By Sean Moncrieff
Broadcaster and writer Sean Moncrieff has been up and he has been down, from his high flying career as an RTE talk show host to the far less glamorous hatch two of the local social welfare office.
He’s had time, the background and the disposition to see Ireland and the Irish from just about every angle, and in his new book The Irish Paradox he lays out truths about himself and his compatriots that would be universally acknowledged (if the Irish would ever agree there are universal truths, which they have not and will never).
But he’s not the type to give up at the first hurdle, and so The Irish Paradox offers some of the most lucid insights into the modern Irish character that you are likely to encounter.
In one marvelous chapter Moncrieff breaks down that particularly rustic Irish putdown known to every cocky teen who ever walked: “Ah, he thinks he’s great.”
“The sting of a phrase like that can vary depending on the tone used, the situation, and the person saying it,” Moncrieff writes. “But you think you’re great is predicated on the idea of the unacceptability not of greatness, but of difference. In small communities, in small countries, difference is viewed with suspicion. Social cohesion seems to be tied up with the notion that everyone should be more or less the same. Thinking you’re great may come with an implied judgment, that everyone else isn’t great.”
Moncrieff clearly knows how it works. The worst sin that can befall you, in the Irish context, is having notions about yourself he reminds us.
Moncrieff writes about these and other Irish hang-ups so well because his book is a testament to not just what he endured as a public figure, but what he discovered in himself. The Irish are famously friendly and chatty. Just don’t mistake their volubility for communication.
Bridie Gallagher, the Girl From Donegal
By Jim Livingston
You'll miss her when she’s gone, sang Bridie Gallagher in her signature song “A Mother’s Love Is a Blessing.” Ireland’s first truly international pop star, she was an irresistible mix of the homespun and the heroic.
Winning the hearts of her fans and attracting enormous crowds from her earliest days in the mid-1950s, the Creeslough, Co. Donegal-born star had a 50-year career that saw her rise from parish halls in her home county to sold out nights at the London Palladium, the Royal Albert Hall and even Lincoln Center in New York.
The songs she sang and her singing style were as restrained as a ‘50s girdle, but her audience found the emotion in her emigrants’ tales of loss and heartbreak.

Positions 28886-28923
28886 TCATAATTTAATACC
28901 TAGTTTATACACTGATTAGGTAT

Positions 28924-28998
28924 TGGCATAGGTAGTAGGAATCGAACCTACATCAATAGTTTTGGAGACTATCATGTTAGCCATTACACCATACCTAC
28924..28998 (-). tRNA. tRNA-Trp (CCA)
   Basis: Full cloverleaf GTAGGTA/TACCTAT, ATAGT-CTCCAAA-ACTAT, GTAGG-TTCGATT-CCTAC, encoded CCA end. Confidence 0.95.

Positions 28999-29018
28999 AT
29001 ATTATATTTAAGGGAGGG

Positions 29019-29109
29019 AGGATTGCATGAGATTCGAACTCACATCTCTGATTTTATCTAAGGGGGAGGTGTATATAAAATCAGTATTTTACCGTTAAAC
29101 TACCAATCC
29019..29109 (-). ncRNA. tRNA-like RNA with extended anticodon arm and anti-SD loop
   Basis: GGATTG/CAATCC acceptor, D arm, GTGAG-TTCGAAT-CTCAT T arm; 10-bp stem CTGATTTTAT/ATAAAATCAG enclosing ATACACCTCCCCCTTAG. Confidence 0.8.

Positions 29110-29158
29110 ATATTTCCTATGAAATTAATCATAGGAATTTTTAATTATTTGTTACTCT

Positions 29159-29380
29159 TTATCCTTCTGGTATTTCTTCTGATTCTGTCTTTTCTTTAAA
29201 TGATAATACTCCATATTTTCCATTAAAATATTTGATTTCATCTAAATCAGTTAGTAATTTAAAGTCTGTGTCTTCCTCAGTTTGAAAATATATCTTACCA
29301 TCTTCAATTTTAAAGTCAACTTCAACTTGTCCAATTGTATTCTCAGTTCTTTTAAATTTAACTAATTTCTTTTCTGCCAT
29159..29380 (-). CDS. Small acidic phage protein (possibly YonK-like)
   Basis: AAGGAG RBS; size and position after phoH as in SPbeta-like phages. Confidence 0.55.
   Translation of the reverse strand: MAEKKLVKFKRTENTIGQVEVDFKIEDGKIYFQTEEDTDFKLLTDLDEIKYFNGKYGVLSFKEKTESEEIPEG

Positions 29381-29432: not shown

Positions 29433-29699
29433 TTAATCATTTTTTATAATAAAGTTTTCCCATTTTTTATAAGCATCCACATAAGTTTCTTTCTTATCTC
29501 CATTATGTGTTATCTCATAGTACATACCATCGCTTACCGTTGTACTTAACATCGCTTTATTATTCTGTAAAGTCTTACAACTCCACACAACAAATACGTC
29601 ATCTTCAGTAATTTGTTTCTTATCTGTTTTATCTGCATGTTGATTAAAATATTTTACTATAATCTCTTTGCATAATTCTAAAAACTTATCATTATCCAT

Written by Gallagher’s son, author Livingston remembers that behind the success her life was often marked by tragedy and loss. Being a trailblazer in her field came with its own costs, and being a woman in the man’s world of show business in the ‘50s and ‘60s had its battles (some of them epic).
It was her fate that she became a herald of what emigration had cost the country, the people who left and the people who were left behind. Her songs were gentle reminders of a paradise that was lost, and their quiet and strangely dignified lamentations can still be heard six and a half decades later.
In the Name of Jaysus: Stuff That Drives Irish People Round the Feckin’ Bend
By Colin Murphy and Brendan O’Reilly
Yes, you would probably have left a title like this to the tourists when you lived in Ireland, but guess what? You don’t now. That clears your flight path for a bit of reflection on what drives the Irish to drink.
Want to annoy a Mick, the book asks? Ask if Ireland is part of Britain.
“The Irish don’t mind a bit of slagging, and you can pretty much call us anything without offending us. Just don’t call us Brits,” authors Murphy and O’Reilly say.
There are so many other things to take issue with too. The civil service, the Angelus, road signs that make no sense, the way the whole country comes to a standstill when the sun shines or some snow falls.
If you’re missing all the surreal nonsense or if you want to remind yourself why you actually left. this is the book for you.